out wishing to divert them from this [The following article, purporting to be inquiry, or to prevent an answer to the “ Copy of a letter of Sir Ewan Cameron of Lochiel,” was given to us for insertion

the very edifying questions of P. F.Antiquarian Repertory,' by a very may I request, from some of your anworthy gentleman, who had allowed him- tiquarian correspondents, information self to be bronzed by a facetious correspon

on an ancient practice, which bears dent. We insert it, however, as a curiosity some affinity to that which has enin its kind.]

gaged their attention. In the Records (Probable date about 1709.”)

of the Presbytery of Edinburgh, Sept. DEAR JAMES,-Yt is a grete losse 20, 1586, the following account is that ye plee is takin this turne, forr given of an oath required from Scots ye Min? * cd gang of certy his alone,

merchants trading to the Baltic, when but I wull se mysell richtit iff ye wull they passed the Sound:not, on that poore sillie callont which

“ Čertan merchantis passing to Dankens not his bettirs. What forr wull skerne, and cuming neir-elsinnure, chus

șing out ane quhen they accompted for the ye nivir com doon in the vacins tull se

payment of the toill of the goods. And that us a-butt ye heelans is sore changitt be depositioun of ane othe in forme follow, syn ye sa yem. Yt is amashing hoo ing, viz. Thei present and offer breid and ye are changyt forr ye warse. salt to the deponer of the othe, whereon he at dener on Satirday at ye Duke's, and layis his hand, and deponis his conscience, yt is a sore changet hous. I mynd in and sweiris.” my you! whan I was a younge litil

I shall be glad to learn the origin callont, I dynt on a day at ye Duke's and precise meaning of this rite, and wy! meny nobillities, and ithers of a the extent to which it prevailed. Proa degris; and behynt ilk chair or stul, vided I obtain satisfaction on these as we hadde yem, was a red-leggit heads, I am not very anxious to know loone, wyt! a clapadhut shelle; and all whether the bread was presented on a ye dyshes was timmer; and whan I platter, and the salt in a vat; and if was dune I pitet my dysh our my so, of what materials these were come shouther to the ladie, and he scartet yt posed, &c. &c. ;-but your corres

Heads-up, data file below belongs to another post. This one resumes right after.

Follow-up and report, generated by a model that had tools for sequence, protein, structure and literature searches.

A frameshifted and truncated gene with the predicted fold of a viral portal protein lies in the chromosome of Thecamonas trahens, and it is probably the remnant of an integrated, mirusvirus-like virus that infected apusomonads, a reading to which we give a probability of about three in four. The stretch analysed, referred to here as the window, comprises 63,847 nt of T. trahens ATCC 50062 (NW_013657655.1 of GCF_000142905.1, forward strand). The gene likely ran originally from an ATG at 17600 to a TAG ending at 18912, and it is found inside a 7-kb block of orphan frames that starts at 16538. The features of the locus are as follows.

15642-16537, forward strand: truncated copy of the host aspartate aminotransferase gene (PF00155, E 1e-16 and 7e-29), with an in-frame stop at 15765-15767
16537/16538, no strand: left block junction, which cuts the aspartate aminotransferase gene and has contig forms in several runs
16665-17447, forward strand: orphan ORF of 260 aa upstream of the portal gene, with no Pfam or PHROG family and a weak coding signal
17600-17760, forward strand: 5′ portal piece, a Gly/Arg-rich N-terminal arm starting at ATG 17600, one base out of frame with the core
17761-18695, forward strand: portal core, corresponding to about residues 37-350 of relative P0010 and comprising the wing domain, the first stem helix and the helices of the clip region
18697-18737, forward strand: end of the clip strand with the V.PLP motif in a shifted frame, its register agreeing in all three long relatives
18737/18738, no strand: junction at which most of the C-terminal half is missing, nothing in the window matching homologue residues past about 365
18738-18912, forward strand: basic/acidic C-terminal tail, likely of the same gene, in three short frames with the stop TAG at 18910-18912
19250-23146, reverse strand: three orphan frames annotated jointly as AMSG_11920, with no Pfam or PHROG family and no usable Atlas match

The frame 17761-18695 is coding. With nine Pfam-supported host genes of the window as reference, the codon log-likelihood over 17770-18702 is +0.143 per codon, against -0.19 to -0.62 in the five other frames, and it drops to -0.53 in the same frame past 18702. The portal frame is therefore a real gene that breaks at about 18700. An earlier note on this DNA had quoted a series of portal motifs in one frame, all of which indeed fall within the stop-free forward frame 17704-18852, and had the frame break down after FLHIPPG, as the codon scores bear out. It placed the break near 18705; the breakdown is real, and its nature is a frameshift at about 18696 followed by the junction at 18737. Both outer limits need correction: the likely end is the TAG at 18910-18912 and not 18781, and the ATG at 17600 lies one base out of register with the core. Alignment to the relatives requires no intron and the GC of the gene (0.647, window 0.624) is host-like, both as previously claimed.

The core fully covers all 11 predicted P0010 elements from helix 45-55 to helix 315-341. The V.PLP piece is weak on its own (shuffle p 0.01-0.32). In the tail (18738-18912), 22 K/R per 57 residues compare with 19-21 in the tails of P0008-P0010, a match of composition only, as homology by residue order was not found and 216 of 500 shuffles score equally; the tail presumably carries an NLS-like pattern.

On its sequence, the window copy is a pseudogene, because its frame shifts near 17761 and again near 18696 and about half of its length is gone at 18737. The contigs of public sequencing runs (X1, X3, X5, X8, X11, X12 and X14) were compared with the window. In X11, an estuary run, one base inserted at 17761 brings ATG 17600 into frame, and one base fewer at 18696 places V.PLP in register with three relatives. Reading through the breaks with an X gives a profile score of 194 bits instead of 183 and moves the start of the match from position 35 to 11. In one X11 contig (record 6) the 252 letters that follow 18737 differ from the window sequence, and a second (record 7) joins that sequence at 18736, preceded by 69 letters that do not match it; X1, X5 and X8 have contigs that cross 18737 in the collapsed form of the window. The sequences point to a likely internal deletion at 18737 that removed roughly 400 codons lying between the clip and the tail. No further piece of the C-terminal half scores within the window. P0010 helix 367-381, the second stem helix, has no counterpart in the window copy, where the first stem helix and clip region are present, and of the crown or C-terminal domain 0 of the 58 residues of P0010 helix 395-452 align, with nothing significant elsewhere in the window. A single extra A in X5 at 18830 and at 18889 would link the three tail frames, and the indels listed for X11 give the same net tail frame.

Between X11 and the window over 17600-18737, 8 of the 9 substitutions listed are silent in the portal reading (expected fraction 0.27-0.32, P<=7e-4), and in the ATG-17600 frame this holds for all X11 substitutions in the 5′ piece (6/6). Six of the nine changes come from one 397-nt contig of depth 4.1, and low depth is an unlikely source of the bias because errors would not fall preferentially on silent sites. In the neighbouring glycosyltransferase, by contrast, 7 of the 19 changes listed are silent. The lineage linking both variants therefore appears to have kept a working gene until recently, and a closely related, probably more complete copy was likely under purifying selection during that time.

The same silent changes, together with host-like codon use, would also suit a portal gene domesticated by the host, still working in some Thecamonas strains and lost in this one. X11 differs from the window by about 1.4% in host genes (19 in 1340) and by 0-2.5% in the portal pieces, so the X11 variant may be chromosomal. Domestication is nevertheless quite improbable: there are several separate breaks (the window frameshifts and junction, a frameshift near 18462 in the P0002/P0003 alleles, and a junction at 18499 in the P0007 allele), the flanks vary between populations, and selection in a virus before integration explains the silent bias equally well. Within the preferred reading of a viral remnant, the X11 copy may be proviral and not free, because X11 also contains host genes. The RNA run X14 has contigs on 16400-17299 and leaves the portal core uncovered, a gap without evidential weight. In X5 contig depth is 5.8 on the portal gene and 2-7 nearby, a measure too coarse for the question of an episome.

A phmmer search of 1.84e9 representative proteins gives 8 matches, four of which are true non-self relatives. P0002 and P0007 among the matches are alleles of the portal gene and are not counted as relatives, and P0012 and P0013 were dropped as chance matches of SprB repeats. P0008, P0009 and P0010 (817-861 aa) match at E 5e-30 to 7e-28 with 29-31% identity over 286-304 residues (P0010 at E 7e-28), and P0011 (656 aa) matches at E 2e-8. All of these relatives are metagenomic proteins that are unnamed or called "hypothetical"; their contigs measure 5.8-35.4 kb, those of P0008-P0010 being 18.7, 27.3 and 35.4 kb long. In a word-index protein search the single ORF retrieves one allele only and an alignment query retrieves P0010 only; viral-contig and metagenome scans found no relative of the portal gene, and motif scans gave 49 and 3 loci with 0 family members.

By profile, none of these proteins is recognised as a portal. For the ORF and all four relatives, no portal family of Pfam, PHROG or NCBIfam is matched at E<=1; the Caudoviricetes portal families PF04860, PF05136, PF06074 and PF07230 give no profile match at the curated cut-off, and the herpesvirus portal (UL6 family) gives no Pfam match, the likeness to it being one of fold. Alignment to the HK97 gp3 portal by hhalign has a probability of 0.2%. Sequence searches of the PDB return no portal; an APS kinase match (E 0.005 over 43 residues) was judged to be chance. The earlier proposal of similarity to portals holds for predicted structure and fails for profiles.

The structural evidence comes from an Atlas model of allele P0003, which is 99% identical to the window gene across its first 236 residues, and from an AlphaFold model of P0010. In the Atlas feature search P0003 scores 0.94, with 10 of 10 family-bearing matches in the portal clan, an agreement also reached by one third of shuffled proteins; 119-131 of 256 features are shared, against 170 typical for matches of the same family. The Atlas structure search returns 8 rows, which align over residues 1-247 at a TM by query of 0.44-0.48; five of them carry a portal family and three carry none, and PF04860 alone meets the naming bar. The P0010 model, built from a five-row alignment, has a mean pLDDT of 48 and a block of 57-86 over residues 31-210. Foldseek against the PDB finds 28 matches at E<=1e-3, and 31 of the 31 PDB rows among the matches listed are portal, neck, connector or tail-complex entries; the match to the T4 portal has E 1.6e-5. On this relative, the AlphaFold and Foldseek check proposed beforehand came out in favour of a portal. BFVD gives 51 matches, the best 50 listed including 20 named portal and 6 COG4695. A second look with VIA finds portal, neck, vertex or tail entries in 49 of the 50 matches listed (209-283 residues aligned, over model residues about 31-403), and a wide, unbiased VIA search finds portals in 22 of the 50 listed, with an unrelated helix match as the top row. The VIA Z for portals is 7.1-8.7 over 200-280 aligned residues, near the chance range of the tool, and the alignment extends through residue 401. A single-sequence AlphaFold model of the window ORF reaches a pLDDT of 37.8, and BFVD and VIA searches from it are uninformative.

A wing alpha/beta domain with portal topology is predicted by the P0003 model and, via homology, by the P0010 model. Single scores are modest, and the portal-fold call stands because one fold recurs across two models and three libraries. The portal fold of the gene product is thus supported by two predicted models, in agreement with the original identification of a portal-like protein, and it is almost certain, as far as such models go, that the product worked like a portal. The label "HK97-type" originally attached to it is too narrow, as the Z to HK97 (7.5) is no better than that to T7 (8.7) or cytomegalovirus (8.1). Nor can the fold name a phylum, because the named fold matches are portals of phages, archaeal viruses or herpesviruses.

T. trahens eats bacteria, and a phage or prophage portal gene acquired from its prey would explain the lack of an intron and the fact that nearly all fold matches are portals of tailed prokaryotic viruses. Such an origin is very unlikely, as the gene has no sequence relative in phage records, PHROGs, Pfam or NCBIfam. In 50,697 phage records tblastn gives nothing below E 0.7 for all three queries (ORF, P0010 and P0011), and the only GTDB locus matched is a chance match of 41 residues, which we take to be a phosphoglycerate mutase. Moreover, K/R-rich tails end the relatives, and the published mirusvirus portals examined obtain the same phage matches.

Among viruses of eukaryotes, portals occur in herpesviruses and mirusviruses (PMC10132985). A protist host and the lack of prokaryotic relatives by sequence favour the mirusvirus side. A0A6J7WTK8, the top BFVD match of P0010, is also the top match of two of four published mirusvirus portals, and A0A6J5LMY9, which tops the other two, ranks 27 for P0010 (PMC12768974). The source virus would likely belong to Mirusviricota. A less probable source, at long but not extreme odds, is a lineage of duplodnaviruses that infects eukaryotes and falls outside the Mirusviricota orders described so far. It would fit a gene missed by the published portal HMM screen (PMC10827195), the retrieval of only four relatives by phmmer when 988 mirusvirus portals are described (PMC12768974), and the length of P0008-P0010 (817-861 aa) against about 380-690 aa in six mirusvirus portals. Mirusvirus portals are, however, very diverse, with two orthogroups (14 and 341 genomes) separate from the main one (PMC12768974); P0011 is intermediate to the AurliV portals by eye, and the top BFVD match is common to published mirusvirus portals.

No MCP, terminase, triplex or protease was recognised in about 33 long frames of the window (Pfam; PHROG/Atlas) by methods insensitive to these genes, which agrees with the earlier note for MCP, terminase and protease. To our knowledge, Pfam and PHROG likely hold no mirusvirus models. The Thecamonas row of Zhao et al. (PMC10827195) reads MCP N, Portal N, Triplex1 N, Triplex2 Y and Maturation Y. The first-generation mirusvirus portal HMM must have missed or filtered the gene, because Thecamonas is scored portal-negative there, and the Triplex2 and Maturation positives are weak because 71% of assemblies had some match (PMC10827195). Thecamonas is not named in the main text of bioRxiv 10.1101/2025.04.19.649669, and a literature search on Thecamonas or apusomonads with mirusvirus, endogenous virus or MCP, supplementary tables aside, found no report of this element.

pondents, notwithstanding, may com* Sir Ewan seems to have been engaged municate their own information in in some lawsuit, wherein the law of death their own way.--I am, yours, &c. bed was concerned. The letter is to his

Y. Z. counsel.

+ I believe this is the large rock-mussel. * Query-Was this Mr Campbell's fee?

in our

I was

ANCIENT SONGS.

mour.

REMARKS ON THE HUMOUR OF OUR is still more striking ;* in particular,

the serio-comic way that prevails in MR EDITOR,

both, of relating the most extravagant I was pleased to see in your first incidents, which, above all other things, Number, an old ballad introduced has the effect of heightening the huwhich was always my greatest favour- mour. In short, sir, if either you or item" The Wyfe of Auchtermuch- any of your correspondents can adduce tie.” It is singular that this song, or farther proof that this ballad was inrather poem, should have been so often deed written by the redoubted“Gudeoverlooked by our late collectors of man of Ballangeich," I will account ballads, though, in many instances, myself much beholden to you; and they have raked them up to the very though my evidence may appear frail, lees. I wish you could have afforded us still I will hang by the tradition; and some key to the author, either drawn unless some of my opponents can adfrom record or probability, for I have vance something more conclusive on heard some violent disputes about this the other side, I will retain my in. since it appeared. I cannot now tell tegrity, and refuse to pay the dinner how it is, but ever since I remember, I and drink that I betted on the issue of have been impressed with the belief the research. that it was the production of King I cannot help remarking here, while James. V.; that I have heard this as I am on this subject, how wonderful serted a hundred times I know, but it is that no regular collection has been yet I can scarcely believe that it was made of our humorous songs by themfrom tradition alone that I at first had selves. If these were well selected, ara this intimation. So thoroughly was I ranged, and set to their own old ranta convinced of the truth of it, that I had ing tunes, they could not fail of being nearly quarrelled outright with a very highly acceptable to the lovers of inintimate friend, for saying that there nocent frolic and social glee. The was no proof nor insinuation in any best of our old songs are those of huwork extant that warranted such a be